Vitamin A is an essential nutrient in a bird’s diet that has multiple health benefits. It also plays a role in the development of strong and healthy feathers. Unfortunately, vitamin A deficiency is quite common in parrots, particularly those that are seed eaters. So you need to make sure your parrot gets enough of this nutrient in its meals.   

These are some of the foods high in vitamin A that you can include in your parrot’s diet:

  • Eggs
  • Sweet potato
  • Kale
  • Collard Greens
  • Carrots 
  • Spinach

Vitamin B Complex

The regrowth of new feathers is directly related to the bird’s health. If your parrot is not getting enough of the B vitamins, the feathers may start to look scruffy and worn down.

Biotin which is a water-soluble vitamin forms a part of the B complex vitamin group. If a parrot is deficient in this vitamin, it may experience patchy feather loss and overall poor-quality for feathers.

Foods rich in B Vitamins to include in your parrot’s diet:

  • Almonds 
  • Banana 
  • Broccoli  

Vitamin D

Adequate exposure to sunlight helps parrots in obtaining Vitamin D. Parrots deficient in Vitamin D often have dull and lackluster feathers so you need to make sure that they get sufficient exposure. You should let your parrot get enough sunlight whether it is by taking them outside or keeping them near a window. 

Other Nutrients

There are various other nutrients that may not play a significant role in improving feather quality but still make up an important part of a parrot’s diet.

Your parrot’s diet should also focus on food that has Iron, Magnesium, Zinc, and vitamins C, E, and K. You should always offer a variety of foods to your parrot to make sure it is not missing out on any nutrient in its diet.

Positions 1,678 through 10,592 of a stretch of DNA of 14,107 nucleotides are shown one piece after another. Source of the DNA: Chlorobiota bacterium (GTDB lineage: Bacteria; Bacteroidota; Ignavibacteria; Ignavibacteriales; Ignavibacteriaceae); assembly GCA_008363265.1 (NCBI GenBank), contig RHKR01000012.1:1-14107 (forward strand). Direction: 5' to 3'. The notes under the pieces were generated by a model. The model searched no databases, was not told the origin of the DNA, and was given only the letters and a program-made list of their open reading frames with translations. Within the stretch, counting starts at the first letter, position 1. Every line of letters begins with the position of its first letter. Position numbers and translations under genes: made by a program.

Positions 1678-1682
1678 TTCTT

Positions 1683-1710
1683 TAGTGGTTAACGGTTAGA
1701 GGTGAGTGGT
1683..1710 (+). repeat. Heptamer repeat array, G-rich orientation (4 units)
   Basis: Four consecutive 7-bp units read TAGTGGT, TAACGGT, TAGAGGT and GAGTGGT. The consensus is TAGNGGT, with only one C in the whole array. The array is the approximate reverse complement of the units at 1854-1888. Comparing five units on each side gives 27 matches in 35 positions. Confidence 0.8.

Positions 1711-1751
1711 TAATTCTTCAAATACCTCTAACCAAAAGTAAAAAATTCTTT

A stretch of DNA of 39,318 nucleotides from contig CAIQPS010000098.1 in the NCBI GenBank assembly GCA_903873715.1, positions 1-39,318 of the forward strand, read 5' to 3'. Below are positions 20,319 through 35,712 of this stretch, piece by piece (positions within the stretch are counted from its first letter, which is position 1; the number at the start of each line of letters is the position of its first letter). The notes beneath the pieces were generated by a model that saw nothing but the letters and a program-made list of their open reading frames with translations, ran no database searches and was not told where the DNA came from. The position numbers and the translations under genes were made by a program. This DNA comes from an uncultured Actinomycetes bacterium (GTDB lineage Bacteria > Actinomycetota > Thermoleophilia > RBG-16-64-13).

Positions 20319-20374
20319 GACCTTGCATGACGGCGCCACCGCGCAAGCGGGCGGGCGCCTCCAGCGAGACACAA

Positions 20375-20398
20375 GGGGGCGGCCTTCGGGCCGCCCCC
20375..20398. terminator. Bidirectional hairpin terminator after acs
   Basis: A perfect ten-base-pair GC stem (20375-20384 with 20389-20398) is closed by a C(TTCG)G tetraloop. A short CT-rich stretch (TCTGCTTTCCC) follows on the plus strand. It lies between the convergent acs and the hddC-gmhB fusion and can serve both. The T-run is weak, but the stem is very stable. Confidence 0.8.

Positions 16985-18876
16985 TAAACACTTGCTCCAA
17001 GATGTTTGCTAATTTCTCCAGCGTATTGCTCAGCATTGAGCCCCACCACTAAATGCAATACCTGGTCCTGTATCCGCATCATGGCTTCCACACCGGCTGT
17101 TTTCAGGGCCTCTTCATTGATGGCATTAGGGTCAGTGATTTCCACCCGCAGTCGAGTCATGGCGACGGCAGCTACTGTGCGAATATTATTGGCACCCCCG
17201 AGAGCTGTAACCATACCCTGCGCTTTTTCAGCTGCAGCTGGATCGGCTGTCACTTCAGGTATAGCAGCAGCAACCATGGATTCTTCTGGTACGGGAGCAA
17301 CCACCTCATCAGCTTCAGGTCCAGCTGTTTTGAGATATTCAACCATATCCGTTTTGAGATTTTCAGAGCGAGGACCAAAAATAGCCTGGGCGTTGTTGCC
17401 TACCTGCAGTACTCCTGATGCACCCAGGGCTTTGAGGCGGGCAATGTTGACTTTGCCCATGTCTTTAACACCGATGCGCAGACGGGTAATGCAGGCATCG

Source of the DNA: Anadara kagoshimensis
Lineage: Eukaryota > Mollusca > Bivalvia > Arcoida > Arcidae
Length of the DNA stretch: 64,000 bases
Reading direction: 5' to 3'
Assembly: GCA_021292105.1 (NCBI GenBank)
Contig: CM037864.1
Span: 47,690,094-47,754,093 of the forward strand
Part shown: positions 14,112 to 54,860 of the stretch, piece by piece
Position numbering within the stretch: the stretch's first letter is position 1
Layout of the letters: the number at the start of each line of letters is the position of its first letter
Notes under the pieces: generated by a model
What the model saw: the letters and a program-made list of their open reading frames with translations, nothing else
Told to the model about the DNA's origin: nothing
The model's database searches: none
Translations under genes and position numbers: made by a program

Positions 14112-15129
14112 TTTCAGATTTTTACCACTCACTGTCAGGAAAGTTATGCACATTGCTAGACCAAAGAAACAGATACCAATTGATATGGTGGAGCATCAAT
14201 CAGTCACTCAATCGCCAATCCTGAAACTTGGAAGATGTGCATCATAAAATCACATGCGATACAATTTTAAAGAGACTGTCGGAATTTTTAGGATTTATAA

Image by Shiv’s fotografia, Wikimedia Commons


Sunlight aids in absorbing vitamin D that is produced locally in the parrot’s preening gland. Birds use the oils produced by the uropygial gland to groom their feathers. The secretions from the uropygial gland contain a substance that acts as a precursor to vitamin D.

When the bird spreads these oils over its feathers and skin, sunlight helps convert this precursor into active vitamin D. So, when birds preen themselves, they also ingest some preformed vitamin D, which is beneficial for their overall health.

Avoid Vitamin Supplements 

Unless prescribed by your avian vet, do not give your parrot any commercially available vitamin or mineral supplements. 

Your parrot will be able to get its daily intake of all the necessary vitamins from its diet and adding extra supplements might not do any good. 

According to the Avian Medicine supplementation of the vitamins is unnecessary if the parrot is fed a balanced and healthy diet. It must also be noted that overfortification of Vitamin A and D in particular can cause various health problems including calcification of vital organs.

Aloe Bath 

It is often recommended that you give your parrot a bath at least once a week, but ideally, it should be more like 3-4 times a week(even in the winter). 

You want to keep your parrot’s feathers clean and avoid the build-up of dander and oils that may lead to dry skin and itching, especially if you live in a region where humidity is low.